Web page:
Orchid, cut stem will not grow back. Help please!

pinkelephant1000January 13, 2009


I have a Phalaenopsis Orchid. After getting as a gift, it bloomed all summer and was great. Eventually all the blooms fell off...I waited for many months...and it would never flower again.

I was told to "cut the stem down to the base" and that a new one would grow and then flower again.

over 1 year later, there is no sign of the stem even attempting to grow back. I water it occasionally and all I have to look at are 3 strong looking green leaves. Is the main stem ever going to grow back? Should I not have cut it in the first place? Can I do anything to assist it to come back or do I throw it in the garbage?

Thanks so much!

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arthurm(Sydney, NSW AUST)

Not much to go on , you need to describe your growing conditions and where you are in the United States. Some Phalaenopsis initiate blooms in winter others when the weather warms up.

Does your orchid have a name tag?

Growing conditions means temperature, amount of light. fertilizer. watering period etc. etc.

    Bookmark   January 13, 2009 at 5:49PM
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Oh hi...Ok Ill try to give more info.

I live in Canada, but I think that is irrelevant since, this is an indoor orchid that sits in a pot inside my house.

I have never fertilized it. I have had it for 19 months. I water it very infrequently, once every two weeks, the medium it sits in (not soil but some sort of yellowish stringy stuff) is basically bone dry and crunchy.

My orchid has no name tag :-(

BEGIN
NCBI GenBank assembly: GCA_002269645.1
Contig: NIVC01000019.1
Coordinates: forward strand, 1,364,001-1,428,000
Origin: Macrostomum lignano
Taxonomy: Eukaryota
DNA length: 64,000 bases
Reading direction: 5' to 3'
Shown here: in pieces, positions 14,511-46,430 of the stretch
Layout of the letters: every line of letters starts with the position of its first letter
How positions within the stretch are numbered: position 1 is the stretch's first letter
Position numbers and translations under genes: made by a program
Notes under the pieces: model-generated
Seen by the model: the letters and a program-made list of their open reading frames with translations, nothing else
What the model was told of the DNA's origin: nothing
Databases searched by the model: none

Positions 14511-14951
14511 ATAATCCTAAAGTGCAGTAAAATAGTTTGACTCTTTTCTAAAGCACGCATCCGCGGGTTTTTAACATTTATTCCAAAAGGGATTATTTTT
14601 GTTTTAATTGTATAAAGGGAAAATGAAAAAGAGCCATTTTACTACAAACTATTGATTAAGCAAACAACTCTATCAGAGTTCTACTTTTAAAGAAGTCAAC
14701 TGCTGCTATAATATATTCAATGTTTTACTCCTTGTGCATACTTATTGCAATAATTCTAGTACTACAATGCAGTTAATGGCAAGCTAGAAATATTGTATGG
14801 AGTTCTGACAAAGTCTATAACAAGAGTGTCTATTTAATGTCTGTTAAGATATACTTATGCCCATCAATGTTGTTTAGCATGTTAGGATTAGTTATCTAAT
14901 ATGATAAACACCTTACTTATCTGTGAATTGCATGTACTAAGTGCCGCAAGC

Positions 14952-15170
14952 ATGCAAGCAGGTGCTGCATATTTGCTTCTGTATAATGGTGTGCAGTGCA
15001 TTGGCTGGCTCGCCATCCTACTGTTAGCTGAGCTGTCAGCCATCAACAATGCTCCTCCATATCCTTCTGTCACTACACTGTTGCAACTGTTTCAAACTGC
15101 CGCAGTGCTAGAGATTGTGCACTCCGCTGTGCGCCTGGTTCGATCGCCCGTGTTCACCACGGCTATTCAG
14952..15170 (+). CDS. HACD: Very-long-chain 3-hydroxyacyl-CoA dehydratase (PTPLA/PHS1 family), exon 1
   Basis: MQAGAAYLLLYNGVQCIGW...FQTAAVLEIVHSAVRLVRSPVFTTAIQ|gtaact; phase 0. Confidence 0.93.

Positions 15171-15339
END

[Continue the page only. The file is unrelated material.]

It just says 4" Phalaenopsis, it was bought at a local grocery store - so I am sure it is nothing special.

The temp in my house is 24C or 75F, it sits on a shelf by a large south facing window which gets a lot of light.

Thats as much as I can tell you!

Oh I found a tag that came with it, says the Orchid is from
King Guey Enterprises Greenhouse in Abbostford British Columbia...it does not give a more specific name for the orchid.

Maybe it is not humid enough for it? Its SO dry where I live.

    Bookmark   January 13, 2009 at 6:08PM
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arthurm(Sydney, NSW AUST)

Where you live is vital. I could say Australia and that covers a lot of climate zones. Your my page details says United States and that means even more climate zones than here.

I am growing Phals inside the house and the plants are placed in the optimum growing spots. That means right up against windows where the plant will get filtered sunlight at times in winter and protection from hot sun in summer. The human eye is a hopeless judge of light and the light available to a plant drops off quickly as you move away from a window.